Another prototype of the Starship vehicle, SpaceX’s SN10, flew in Boca Chica, Texas that Wednesday afternoon (3) and landed smoothly on the platform for the first time. Explode violently minutes later. Make no mistake: it’s incredibly good news.
It’s hard to describe how thrilling and thrilling an aggressive and daring flight test campaign like SpaceX is. The goal is known: to create a fully reusable vehicle that will allow one to travel to Mars and return safely, which would be the main infrastructure for the beginning of the colonization of the red planet. To do this, the company headed by Elon Musk tries in the same program:
Develop a launcher with a capacity similar to Saturn V that took people to the moon but is completely reusable. Find out how to make large quantities of this rocket at a lower cost than any previous rocket.
To do this, test models must be built at breakneck speed and tested in flight to improve the design while also figuring out how to build them by hand.
Since the test program began, SpaceX has made short flights over 150 meters that went up and down smoothly. Since December last year, they have been trying to make an altitude flight of 10 to 15 km using the Prototype 8 (SN8) to test the descent and landing they expect from an orbital flight when the company gets there.
After all flight maneuvers were correctly performed, including a belly drop controlled by aerodynamic structures followed by a last minute spin for a vertical landing, the SN8 descended too quickly and exploded on landing.
SN9 did basically the same thing on Feb.2 (after some conflict between SpaceX and FAA, the agency that regulates civil aviation and commercial missile launches in the US) and the right to explode on landing.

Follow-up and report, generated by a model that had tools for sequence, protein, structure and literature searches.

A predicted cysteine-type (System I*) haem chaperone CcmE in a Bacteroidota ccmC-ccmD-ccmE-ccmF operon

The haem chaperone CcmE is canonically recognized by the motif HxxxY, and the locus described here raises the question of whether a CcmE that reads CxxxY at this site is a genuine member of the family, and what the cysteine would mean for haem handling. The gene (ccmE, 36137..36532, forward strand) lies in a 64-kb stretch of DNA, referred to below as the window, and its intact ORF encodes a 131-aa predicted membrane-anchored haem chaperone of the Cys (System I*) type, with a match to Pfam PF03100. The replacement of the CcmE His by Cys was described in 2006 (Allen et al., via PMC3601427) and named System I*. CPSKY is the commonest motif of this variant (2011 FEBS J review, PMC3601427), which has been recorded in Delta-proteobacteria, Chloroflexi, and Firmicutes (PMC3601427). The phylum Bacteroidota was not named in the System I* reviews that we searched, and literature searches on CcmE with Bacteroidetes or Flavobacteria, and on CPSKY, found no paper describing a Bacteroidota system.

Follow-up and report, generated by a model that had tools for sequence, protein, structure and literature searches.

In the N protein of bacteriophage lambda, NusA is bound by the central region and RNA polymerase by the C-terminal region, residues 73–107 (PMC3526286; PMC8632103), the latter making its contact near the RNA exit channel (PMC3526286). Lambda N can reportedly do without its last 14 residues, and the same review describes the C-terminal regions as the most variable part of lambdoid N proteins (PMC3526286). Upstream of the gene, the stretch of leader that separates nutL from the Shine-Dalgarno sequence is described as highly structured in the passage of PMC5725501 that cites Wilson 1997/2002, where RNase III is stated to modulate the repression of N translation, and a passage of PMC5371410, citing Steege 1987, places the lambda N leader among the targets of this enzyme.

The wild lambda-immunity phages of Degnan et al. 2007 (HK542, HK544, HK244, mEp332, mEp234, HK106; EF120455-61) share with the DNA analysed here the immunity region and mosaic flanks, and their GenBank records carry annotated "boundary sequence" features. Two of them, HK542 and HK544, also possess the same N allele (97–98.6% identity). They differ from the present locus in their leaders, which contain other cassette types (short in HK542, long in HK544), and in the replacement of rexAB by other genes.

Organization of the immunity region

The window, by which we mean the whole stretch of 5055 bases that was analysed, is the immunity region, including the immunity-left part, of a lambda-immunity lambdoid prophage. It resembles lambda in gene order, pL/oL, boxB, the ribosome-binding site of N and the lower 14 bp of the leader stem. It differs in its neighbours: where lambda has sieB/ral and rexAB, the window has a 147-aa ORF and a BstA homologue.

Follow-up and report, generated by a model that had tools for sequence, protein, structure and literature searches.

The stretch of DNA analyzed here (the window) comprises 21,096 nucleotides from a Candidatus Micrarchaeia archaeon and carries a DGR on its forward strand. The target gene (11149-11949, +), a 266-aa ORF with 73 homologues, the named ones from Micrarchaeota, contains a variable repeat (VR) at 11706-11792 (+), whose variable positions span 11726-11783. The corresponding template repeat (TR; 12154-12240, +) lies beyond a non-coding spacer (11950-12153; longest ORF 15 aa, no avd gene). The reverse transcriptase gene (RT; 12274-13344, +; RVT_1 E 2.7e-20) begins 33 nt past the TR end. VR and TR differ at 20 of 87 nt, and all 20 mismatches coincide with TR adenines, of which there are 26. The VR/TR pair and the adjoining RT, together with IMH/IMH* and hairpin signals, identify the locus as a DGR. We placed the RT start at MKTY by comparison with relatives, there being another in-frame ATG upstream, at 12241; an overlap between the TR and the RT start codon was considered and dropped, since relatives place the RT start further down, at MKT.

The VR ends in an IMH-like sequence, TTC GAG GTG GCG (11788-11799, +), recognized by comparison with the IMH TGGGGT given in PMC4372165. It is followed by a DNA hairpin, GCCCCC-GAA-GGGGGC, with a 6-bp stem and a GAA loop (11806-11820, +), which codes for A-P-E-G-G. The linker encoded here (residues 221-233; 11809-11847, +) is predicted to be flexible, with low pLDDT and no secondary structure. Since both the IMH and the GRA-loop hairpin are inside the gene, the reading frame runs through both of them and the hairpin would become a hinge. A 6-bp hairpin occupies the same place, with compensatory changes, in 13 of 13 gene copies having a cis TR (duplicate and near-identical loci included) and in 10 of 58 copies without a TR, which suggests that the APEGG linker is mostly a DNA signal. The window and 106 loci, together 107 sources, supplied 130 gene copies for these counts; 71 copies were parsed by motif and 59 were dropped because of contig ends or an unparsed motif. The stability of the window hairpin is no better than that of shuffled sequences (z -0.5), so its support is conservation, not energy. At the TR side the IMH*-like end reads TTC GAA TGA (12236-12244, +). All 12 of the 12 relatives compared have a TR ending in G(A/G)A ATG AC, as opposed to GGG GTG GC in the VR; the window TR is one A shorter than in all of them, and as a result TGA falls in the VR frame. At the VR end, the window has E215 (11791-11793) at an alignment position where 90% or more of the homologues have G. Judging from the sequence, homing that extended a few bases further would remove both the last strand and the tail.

And then, now, just a month later, on March 3rd, we saw the SN10 repeat the successes of the SN8 and 9 and then smoothly descend on the platform. And then, just over 7 minutes after landing, explode – possibly due to a methane leak.
So is it a failure? No, it’s a great success. The flight trio showed that SpaceX is on track to 1) climb into space, 2) control the vehicle’s orientation upon re-entry, 3) perform the turning maneuver for a vertical landing, and 4) speed for a soft landing to reduce.
Point 4 certainly needs to be improved so that the integrity of the vehicle is maintained even after landing. But no one would deny that in just three months between late December and early March it was a significant step forward.
The aggressive program continues. SN11 comes with lessons from its predecessor. And SpaceX is already preparing to fly the first leg, which is supposed to strengthen the spaceship, the super heavy. As a two-stage vehicle, it will be the most powerful, versatile and cheapest in its class ever made in human history.
If that’s not surprising, imagine that the SN10 is 50 meters tall and the size of an 18-story building. It couldn’t be more amazing. And the best is coming.
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